by Kalela Lancaster, Director of Strategic Development, New Israel Fund 

Kalela Lancaster

Kalela Lancaster

AS THE refugee crisis engulfs Europe, the British Jewish community has emerged as an increasingly vocal and organised force calling for a compassionate and moral response from the UK, drawing explicitly on the parallels with Jewish history.

Amid the initial tensions between the UK and France regarding the Calais crisis, and increasingly since the photos of Aylan Kurdi shook the world and turned the tide of public opinion, Jewish organisations and prominent UK rabbis have been at the forefront of calls for Britain to open its doors.

A petition by the Jewish Council for Racial Equality stated “our experience as refugees is not so distant that we’ve forgotten what it’s like to be demonised for seeking safety”, Rabbi Jonathan Wittenberg wrote in The Guardian: “We don’t want to go down in history as the nation that closed its doors” and former Chief Rabbi Jonathan Sacks said Britain should undertake a “very clear and conspicuous humanitarian gesture, like Kindertransport”.

Jewish charities, shuls and youth movements have rallied. World Jewish Relief’s emergency campaign has raised £180,000, while synagogues are displaying ‘refugees welcome’ banners.

Young people from the Masorti movement are organising a mass shelter building project in Calais over Succot, drawing on the parallels with the Jewish holiday.

In Israel, the European refugee crisis has also sparked a debate, with Labour leader Isaac Herzog proposing Israel should take in a symbolic number of Syrian refugees itself. Personally, I’m with Anshel Pfeffer, who wrote in Haaretz that “perhaps it would be best if Israel focused on itself”.

Let Israel start by developing a humane and just policy regarding the 45,000 African asylum seekers already within its borders, whose lives the government is currently intent on making a misery until they become desperate enough to return to the genocide, oppression and persecution from which they fled.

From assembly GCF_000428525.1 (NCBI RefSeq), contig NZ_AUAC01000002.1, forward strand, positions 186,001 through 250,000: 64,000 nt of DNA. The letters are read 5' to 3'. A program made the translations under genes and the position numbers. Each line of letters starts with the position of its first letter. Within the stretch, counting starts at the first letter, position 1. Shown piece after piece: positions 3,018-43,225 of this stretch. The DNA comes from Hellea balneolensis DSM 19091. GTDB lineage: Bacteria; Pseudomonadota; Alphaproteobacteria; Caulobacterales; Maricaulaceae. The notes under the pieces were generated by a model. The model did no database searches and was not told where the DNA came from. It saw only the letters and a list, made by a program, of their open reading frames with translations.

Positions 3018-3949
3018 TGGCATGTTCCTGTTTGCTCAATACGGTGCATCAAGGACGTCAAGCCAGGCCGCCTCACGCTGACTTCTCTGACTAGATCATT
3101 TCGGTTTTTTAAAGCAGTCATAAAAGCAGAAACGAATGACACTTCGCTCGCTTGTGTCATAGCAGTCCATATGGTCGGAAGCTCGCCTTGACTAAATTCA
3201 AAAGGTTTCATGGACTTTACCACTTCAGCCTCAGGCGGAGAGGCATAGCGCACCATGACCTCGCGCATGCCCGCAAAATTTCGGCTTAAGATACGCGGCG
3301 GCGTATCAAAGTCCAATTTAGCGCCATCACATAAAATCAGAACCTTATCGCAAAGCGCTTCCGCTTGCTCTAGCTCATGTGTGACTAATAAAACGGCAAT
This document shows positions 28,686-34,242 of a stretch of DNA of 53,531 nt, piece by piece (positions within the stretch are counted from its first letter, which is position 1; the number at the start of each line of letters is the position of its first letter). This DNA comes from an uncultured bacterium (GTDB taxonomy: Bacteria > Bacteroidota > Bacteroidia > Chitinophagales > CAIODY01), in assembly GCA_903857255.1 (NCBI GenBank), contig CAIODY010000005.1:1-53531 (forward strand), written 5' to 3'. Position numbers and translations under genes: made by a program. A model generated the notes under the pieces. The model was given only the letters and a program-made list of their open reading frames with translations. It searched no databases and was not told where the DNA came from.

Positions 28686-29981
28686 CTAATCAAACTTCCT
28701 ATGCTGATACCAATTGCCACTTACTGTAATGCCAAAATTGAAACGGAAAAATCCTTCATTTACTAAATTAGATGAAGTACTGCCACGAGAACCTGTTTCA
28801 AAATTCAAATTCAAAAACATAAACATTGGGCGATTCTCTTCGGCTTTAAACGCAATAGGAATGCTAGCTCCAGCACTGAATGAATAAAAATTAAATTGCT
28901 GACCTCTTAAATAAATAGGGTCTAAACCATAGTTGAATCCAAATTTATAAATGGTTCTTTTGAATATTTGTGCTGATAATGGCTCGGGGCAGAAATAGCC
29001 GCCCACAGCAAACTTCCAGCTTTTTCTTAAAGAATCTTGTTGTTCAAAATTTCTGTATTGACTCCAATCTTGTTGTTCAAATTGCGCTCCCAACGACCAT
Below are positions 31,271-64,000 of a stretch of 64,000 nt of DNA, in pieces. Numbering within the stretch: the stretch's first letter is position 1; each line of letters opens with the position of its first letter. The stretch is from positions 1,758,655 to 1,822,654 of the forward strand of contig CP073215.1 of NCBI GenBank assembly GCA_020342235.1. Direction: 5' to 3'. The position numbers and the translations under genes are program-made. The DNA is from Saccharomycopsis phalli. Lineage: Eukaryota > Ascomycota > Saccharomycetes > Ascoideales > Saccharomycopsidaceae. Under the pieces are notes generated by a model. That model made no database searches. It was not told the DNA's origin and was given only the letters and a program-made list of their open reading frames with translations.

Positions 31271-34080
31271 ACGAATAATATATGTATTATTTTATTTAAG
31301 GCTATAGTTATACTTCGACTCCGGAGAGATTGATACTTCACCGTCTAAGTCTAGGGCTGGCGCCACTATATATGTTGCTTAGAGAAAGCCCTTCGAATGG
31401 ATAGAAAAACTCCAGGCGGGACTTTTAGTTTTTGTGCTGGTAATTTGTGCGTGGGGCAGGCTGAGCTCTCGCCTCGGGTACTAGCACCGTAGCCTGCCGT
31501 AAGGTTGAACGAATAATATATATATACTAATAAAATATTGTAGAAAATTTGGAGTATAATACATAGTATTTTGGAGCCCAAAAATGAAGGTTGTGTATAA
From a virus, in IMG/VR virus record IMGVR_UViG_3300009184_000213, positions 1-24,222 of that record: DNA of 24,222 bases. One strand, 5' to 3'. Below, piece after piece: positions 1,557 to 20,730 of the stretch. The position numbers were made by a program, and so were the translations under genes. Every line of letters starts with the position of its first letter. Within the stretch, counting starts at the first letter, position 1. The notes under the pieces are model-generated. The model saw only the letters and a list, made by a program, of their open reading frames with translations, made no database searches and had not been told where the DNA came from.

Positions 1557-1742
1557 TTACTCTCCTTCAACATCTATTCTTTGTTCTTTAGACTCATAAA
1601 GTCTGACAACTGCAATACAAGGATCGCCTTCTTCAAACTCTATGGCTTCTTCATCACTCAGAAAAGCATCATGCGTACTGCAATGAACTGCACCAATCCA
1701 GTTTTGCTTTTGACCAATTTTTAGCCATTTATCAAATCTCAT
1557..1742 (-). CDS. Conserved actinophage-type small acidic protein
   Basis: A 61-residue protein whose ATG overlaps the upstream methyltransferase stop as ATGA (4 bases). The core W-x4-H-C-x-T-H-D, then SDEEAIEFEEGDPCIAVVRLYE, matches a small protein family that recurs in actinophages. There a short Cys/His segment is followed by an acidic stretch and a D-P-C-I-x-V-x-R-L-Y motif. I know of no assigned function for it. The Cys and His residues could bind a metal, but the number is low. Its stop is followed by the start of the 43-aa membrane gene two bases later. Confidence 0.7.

The Israeli government’s harsh treatment of the African refugees and its evasion of the directives of its own Supreme Court – to process their asylum applications and grant status to legitimate claimants – makes a mockery of diaspora Jews’ recourse to Jewish ethics and history as a source of moral guidance in the European case.

It’s honourable and right that diaspora Jewish communities should make their voices heard and open their hearts and wallets to moral crises on their own doorstep. But it cannot be that these same communities are silent, or not vocal enough regarding the reprehensible treatment of refugees perpetrated in the name of the Jewish people by the Jewish state.

Diaspora Jews bear no direct responsibility for the policy and practice of the Jewish state in which they do not live or vote. But, for the self-defined Zionists among this community, who believe Israel is the Jewish homeland and the only country in the world that gives national expression to Jewish values, there is a legitimate right to hold a view, to express it, and – yes – even to attempt to influence Israeli policy on matters of moral imperative.

On issues in Israeli society that really speak to diaspora Jews’ sense of identity, we have seen some serious organising, lobbying and funding coming from abroad, for example, from Women at the Wall’s campaign to hold prayer services at the Kotel, through the struggle against the devastating agunah phenomenon, to questions around conversion.

They are making a difference. Why could this not also be the case with Israel’s policy and treatment of refugees, given this is an issue that touches the heart of Jewish values and history universally?

So many Jewish leaders, institutions, movements and communities in this country feel we have a unique message in relation to the refugee crisis, and that is an inspiring thing. Wouldn’t this message sound louder were our own Jewish state to have a policy we could be proud of?

Wouldn’t it be great if Israel could serve as a light unto the nations with a humane and compassionate refugee policy?

Thanks to the efforts of activists in Israel, some checks have been placed on its government’s desired policy of indefinite detention and what amounts to forced ‘voluntary’ return to conflict zones for its refugees and asylum seekers.

But with the government’s latest ‘divide and conquer’ directive which bans asylum seekers released from detention from living within their own communities in Tel Aviv and Eilat.

With no legal status or related rights, they now have no homes to go to and no support network to draw on.

Across the UK, Jewish communities are saying “refugees welcome”.

It is time for us to join with Israeli activists in saying loud and clear that refugees must be welcome in Israel, too.